Now with Guffy 'defanged', the rest of 'Angels' mainly features a polemic in favor of religion, pitted against scientific rationalism. Little Bridget White, a nine year old clairvoyant, is soon trotted out and she's the only one who can actually see the angels in the outfield. Also in the mix is the Mother Superior who's looking after little Bridget at the orphanage (the 'tough as nails' sister, is reminiscent of the nuns in 'The Sound of Music' who spunkily remove a spark plug from a car and prevent the Nazis from going after the fleeing Von Trapp family). Guffy is accused of being flat out crazy and the Commissioner of baseball is called in to determine whether he's acting toward the 'detriment' of the game. A creepy psychiatrist is cross-examined by the ever-belligerent broadcaster Bayles but both are made to look by fools when a Protestant Minister, a Rabbi and Catholic Priest testify in Guffy's defense--they argue that angels are certifiably real since they are referred to numerous times in both the Old and New Testaments.

After Guffy gets into a fistfight with Bayles, the angel concludes that he hasn't quite learned the lesson of 'turning the other cheek'. They'll be no more 'miracles' for the Pirates and they're now forced to win one last game for the pennant without heavenly intervention. Guffy must now put his 'faith' in a veteran pitcher whose performance of late has not been up to snuff. Of course the veteran bears down and ends up winning the game for his fellow Pirates. One additional happy-ending: Guffy will marry newspaper columnist Jennifer Paige (Janet Leigh) and they'll end up adopting little Bridget.

Speaking of Ms. Leigh, in her younger days, she certainly was most pleasing to the eyes--except here has little to do in this film; except perhaps cook dinner for Guffy and hug little Bridget, as the two cheer on the Pirates from the stands.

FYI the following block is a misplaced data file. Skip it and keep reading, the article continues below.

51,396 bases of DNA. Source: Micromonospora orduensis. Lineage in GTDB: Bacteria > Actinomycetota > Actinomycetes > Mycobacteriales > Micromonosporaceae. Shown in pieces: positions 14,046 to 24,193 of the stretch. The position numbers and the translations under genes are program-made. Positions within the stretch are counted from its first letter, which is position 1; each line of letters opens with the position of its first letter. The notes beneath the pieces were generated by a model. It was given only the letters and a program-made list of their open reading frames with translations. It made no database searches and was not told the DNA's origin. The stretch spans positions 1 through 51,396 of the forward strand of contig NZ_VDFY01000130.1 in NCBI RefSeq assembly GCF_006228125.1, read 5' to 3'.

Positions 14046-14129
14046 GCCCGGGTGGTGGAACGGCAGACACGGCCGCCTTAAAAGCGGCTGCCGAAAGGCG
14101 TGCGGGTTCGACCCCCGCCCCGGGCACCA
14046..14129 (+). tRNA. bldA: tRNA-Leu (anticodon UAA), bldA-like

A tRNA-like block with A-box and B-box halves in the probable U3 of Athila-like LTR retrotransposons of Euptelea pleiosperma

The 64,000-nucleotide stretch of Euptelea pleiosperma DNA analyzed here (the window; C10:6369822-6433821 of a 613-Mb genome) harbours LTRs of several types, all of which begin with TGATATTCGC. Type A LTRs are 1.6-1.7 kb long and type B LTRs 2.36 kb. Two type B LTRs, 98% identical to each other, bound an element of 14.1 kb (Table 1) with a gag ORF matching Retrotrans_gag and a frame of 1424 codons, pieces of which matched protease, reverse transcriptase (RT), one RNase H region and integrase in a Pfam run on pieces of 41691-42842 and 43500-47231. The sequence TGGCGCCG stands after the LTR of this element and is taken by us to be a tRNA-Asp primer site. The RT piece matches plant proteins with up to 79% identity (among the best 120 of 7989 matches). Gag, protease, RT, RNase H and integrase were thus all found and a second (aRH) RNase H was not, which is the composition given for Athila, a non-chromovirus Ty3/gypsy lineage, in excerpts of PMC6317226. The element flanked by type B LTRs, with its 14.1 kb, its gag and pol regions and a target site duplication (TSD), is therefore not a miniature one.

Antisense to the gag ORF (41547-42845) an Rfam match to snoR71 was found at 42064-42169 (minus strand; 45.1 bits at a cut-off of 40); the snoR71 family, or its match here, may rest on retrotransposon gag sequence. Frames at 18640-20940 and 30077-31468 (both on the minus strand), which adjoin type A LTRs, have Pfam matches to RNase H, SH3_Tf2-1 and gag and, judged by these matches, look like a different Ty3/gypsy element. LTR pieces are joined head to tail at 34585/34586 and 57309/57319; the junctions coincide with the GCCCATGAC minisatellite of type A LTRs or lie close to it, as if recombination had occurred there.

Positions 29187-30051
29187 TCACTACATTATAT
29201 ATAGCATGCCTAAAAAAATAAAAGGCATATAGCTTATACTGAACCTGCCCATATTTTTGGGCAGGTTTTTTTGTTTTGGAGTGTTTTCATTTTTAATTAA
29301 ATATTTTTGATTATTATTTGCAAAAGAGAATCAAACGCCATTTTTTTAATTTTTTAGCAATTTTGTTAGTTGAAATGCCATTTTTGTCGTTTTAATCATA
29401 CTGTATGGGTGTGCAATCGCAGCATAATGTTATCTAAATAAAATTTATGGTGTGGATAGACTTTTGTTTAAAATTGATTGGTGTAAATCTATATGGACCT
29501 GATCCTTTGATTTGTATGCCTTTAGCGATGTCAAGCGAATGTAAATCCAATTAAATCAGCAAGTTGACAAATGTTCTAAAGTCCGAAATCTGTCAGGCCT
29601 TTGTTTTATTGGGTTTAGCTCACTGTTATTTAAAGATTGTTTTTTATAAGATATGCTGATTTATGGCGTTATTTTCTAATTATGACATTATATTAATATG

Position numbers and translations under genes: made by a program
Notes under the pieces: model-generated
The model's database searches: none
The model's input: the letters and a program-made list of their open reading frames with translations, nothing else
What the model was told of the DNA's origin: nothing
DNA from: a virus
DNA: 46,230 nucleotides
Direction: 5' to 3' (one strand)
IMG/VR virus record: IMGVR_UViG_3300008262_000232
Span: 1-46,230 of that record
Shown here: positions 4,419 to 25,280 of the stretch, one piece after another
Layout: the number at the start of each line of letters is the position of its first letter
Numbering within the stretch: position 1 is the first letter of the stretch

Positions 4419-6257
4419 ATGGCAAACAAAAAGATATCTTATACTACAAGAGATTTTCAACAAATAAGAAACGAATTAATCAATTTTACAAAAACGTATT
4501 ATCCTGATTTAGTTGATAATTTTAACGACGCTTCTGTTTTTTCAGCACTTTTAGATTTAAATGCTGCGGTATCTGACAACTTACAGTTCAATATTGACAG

'Angels' has only one thing up on 'It Happens Every Spring': Many of the scenes were shot at the actual Forbes Field ballpark, effecting a visual verisimilitude the latter film lacks. In addition, 'Angels' sports cameos from both the sports and entertainment worlds including brief interviews with such 'luminaries' as Joe DiMaggio and Bing Crosby.

It's revealed at the end of the film that the angels actually are famous deceased ballplayers such as Babe Ruth and Christy Matthewson. It would have been nice if we could have actually seen the angels and the story would have been enhanced if they were given some kind of personality. Somehow, when we do hear the angel's off screen voice, those scenes don't work precisely because there's nothing happening that's visually interesting.

A good film needs to have both a strong internal and external arc. Unfortunately, there are no twists and turns once Guffy 'sees the light'. Couple that with an antagonist who has no charm, a protagonist who early on is just as surly and a storyline that rather makes an unconvincing case for the ascendancy of religion (i.e. spirituality) in modern life, Angels in the Outfield ends up failing on both counts.

Baseball is hardly the type of arena which should be equated with the world of the spirit. Despite also being a fantasy, 'It Happens Every Spring' has no illusions about the rough and tumble world of our national pastime. Why not catch it instead of the sentimental 'Angels in the Outfield'?

Movie Reviews